He cited the planned removal of nearly 10 acres of paved areas, now used for parking. There are currently about 3,200 spaces; the school will require only 1,100. This could reduce storm water runoff impacts, an important thing in light of the site’s proximity to a reservoir, he said. The site is located within an East of Hudson (EOH) watershed.

He also said that the applicant’s own studies have shown that vehicular traffic will be greatly reduced during peak hours.

The applicants have answered a multitude of questions from various town entities, such as the Planning Board, engineering department, and Open Space Committee, as part of the EAF (Environmental Assessment Form), the first step in the State Environmental Quality Review (SEQR) process.
Any questions that remain will be addressed when the applicants re-submit environmental documents. After the town reviews them, the updated information will be made available to the public, said Syrette Dym, the town’s director of planning.

The town declared itself the lead agency in that process last fall. In June, the applicants submitted a project assessment report that covered topics such as drainage, traffic, natural resources, and water/sewage usage.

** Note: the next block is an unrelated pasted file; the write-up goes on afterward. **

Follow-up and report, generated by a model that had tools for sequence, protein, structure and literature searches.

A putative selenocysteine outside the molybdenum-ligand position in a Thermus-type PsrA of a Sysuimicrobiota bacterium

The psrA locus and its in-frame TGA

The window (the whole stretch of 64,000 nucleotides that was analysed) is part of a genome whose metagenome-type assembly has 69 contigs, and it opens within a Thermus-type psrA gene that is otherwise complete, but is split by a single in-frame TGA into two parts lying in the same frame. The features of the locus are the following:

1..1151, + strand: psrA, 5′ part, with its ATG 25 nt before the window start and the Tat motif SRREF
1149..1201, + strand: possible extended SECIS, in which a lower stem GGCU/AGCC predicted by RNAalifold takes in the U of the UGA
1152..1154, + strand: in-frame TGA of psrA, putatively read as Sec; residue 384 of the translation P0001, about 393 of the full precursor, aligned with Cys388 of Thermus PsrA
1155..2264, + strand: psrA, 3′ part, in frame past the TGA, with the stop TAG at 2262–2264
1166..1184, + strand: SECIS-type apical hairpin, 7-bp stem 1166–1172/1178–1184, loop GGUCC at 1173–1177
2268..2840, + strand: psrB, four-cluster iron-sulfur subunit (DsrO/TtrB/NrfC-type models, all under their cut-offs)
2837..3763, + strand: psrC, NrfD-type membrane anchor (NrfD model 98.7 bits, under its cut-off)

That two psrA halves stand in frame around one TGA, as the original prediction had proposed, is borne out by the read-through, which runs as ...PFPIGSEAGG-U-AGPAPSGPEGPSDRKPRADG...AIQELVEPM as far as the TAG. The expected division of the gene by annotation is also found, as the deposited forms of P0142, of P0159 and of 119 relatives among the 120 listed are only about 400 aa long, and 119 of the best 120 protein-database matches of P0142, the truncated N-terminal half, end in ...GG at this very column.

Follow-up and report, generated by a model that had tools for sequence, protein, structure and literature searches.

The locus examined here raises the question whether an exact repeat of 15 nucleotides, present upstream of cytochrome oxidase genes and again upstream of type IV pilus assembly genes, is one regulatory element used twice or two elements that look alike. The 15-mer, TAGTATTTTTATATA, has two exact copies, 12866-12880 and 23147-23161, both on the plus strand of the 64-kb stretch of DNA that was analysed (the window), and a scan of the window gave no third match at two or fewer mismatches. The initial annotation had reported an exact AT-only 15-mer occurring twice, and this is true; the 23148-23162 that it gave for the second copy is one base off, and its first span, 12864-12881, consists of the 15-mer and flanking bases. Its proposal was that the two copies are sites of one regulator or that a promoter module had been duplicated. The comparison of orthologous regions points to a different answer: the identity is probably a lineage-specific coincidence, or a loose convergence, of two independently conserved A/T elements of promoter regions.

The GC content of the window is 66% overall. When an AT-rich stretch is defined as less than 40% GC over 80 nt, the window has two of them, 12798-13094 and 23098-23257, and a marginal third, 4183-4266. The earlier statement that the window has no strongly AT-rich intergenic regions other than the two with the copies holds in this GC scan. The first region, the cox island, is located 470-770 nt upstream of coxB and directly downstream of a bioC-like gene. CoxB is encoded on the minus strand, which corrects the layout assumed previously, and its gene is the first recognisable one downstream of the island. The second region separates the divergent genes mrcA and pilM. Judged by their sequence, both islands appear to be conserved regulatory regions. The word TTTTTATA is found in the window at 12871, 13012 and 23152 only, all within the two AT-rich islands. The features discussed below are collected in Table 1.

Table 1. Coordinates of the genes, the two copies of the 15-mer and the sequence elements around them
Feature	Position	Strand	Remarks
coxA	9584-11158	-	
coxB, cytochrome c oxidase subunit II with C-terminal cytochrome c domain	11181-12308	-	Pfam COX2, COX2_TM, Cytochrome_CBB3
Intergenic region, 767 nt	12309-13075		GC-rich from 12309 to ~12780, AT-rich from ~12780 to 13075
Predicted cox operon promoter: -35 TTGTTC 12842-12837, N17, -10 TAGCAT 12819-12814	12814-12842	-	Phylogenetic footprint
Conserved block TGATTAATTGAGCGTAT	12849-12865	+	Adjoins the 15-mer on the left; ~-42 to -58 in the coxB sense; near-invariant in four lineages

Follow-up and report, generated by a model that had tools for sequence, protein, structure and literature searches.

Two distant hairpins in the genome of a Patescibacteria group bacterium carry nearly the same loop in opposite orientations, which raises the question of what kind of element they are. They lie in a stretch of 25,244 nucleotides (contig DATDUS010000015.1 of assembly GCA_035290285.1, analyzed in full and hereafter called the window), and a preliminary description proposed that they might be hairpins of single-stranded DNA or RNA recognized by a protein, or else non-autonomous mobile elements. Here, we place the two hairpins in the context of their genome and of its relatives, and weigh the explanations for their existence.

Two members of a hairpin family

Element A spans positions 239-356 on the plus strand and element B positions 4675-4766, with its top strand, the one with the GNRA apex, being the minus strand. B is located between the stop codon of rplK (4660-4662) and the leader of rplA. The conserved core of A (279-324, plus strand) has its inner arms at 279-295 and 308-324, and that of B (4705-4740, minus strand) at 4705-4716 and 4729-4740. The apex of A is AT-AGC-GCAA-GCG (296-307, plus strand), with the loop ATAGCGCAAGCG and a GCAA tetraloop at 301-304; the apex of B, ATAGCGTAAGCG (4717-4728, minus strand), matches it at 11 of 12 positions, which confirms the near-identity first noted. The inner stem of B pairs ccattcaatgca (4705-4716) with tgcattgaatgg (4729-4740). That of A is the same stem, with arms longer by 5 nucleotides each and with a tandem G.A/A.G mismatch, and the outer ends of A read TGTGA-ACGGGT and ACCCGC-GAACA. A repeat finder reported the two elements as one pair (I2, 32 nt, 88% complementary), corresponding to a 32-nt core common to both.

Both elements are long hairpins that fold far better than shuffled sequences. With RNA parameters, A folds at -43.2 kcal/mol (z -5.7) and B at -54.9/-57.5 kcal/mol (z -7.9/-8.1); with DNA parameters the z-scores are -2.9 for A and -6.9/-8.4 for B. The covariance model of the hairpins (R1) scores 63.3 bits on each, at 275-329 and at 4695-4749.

According to the team’s Bonnie Von Ohlsen, a planner and landscape architect with Kimley-Horn of NY, engineering consultants, the campus is operating under an existing Westchester County Department of Health permit for its water supply—existing wells—and planned to seek the OK for more wells to support later phases of the project. Its own sewage treatment plant has “adequate” capacity for Phases 1 and 2 (when grade 11 will be added) but applicants will have to seek a “modification” of its SPDES (state pollutant discharge elimination system) permit for Phase 3, when grade 12 will be on board.

If all approvals are in place by early next year, it is possible that Phase 1 of the school, or grades 9-10—could be completed in 2021. Eventually, the school hopes to have 1,800 students.

Besides playing fields, tennis courts and hiking/running trails, a new athletic facility/field house and arts center are planned.